Niche divergence and diversification in South American freshwater turtles of the genus Acanthochelys (Chelidae)

In: Amphibia-Reptilia
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  • 1 Instituto de Biociências, Universidade Federal de Mato Grosso do Sul, Campo Grande, Mato Grosso do Sul, Brazil
  • | 2 Departamento de Ecologia, Instituto de Ciências Biológicas, Universidade Federal de Goiás, Goiânia, Goiás, Brazil
  • | 3 Department of Biology and Geology, Physics and Inorganic Chemistry, Rey Juan Carlos University, Madrid, Spain
  • | 4 Departamento de Biologia, Universidade Federal de Sergipe, Aracajú, Sergipe, Brazil
  • | 5 Centro de Ciências Naturais e Humanas, Universidade Federal do ABC, São Bernardo do Campo, São Paulo, Brazil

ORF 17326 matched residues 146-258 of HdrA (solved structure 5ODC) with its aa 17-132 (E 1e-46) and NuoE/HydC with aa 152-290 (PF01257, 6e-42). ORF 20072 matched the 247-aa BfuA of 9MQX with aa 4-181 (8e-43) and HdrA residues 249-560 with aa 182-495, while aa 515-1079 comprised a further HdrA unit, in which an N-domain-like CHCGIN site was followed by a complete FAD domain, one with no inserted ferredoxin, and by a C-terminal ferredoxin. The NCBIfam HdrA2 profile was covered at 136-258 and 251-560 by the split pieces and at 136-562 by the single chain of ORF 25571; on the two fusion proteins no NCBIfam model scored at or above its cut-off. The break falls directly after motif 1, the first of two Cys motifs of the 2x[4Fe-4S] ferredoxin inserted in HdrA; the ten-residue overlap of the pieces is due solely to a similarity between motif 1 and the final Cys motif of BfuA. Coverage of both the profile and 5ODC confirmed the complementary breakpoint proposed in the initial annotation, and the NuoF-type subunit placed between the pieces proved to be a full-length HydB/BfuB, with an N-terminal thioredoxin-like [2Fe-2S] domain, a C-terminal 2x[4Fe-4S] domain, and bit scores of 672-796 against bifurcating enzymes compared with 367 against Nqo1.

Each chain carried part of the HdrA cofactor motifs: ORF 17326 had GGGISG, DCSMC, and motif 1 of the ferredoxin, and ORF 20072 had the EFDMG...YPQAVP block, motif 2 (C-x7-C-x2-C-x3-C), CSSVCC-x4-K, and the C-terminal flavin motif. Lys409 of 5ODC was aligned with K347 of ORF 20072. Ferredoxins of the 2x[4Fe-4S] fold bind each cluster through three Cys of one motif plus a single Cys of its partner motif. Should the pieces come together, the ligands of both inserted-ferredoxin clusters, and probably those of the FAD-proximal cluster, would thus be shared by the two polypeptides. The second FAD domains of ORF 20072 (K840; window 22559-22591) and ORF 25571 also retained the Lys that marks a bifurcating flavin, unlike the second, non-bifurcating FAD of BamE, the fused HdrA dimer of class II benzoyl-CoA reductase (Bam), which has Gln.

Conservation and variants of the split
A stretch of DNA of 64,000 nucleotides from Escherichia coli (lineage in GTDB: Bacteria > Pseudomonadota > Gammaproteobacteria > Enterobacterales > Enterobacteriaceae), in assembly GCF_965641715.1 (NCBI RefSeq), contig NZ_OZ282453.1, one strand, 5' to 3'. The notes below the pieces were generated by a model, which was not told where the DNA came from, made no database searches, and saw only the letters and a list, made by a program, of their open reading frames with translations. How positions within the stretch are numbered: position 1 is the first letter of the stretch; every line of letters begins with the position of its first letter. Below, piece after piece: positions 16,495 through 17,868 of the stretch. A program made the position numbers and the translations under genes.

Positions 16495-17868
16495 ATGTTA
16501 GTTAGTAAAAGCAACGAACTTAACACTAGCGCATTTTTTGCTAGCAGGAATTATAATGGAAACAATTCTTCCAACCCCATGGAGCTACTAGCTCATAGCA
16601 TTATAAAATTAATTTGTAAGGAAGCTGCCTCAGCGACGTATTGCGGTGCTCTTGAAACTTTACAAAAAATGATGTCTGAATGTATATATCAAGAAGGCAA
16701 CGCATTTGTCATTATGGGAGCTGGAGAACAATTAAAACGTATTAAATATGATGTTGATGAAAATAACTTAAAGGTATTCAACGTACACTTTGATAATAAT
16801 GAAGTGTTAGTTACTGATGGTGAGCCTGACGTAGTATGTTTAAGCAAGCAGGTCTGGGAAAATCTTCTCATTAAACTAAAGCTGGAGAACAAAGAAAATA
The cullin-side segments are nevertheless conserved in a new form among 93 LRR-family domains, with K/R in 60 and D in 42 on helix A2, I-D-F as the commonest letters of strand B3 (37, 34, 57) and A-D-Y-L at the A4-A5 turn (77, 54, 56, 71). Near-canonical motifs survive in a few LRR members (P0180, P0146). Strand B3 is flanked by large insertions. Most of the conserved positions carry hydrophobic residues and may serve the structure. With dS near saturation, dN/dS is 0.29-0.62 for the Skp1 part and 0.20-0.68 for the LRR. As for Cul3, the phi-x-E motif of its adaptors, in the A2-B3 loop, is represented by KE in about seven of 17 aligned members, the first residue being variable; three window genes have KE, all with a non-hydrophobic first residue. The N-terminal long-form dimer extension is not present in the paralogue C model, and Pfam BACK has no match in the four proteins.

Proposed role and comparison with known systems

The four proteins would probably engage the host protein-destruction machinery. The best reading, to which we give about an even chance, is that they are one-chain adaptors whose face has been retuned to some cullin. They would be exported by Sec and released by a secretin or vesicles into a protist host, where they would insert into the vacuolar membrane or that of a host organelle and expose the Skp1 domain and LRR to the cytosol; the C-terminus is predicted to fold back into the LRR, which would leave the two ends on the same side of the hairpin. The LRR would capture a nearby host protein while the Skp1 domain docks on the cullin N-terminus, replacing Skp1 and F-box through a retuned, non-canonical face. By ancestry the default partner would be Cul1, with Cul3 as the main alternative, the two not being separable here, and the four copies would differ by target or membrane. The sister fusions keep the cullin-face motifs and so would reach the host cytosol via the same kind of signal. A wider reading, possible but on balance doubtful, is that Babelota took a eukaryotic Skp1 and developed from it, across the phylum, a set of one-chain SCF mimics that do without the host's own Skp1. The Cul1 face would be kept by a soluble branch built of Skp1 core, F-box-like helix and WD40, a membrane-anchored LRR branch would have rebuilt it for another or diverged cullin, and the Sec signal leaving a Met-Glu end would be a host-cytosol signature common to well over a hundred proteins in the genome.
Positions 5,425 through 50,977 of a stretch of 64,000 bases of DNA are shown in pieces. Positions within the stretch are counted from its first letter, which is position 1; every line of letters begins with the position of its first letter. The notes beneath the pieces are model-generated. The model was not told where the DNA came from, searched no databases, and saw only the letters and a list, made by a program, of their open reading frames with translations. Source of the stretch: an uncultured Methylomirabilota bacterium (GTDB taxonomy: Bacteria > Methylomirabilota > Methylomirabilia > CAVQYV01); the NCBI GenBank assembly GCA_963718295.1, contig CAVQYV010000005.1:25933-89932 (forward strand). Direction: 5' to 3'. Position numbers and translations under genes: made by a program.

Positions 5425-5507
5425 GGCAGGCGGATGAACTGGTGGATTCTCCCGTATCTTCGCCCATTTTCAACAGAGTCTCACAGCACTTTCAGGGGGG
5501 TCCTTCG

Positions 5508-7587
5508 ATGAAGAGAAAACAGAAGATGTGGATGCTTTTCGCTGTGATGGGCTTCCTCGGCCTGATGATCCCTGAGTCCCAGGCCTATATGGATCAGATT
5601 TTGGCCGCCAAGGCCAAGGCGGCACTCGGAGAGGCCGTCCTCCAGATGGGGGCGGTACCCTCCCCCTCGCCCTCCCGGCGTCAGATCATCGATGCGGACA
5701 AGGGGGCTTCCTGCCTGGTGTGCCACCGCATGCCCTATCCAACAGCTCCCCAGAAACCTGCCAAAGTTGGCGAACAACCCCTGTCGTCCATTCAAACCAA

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Species distribution models (SDMs) are increasingly used to assess how ecological factors shape species distributions and diversification. Chelid turtles represent the richest family of chelonians in South America. Given the distributional disjunction and distinct habitats of four Acanthochelys species, we explored SDMs and niche overlap metrics between species pairs to evaluate the extent to which niche divergence or conservatism may have contributed to their geographic distribution patterns. None of the species pairs presented patterns consistent with niche conservatism suggesting that these species have different environmental requirements. However, when comparing species pairs co-occurring in the same watershed, results were conflicting. Niche divergence detected among Acanthochelys species indicate an interaction between ecological niche preference and geographical barriers for allopatric speciation. This interaction implies that ecological differentiation contributed to the diversification of Acanthochelys side-necked turtles that occur in South American freshwater environments.

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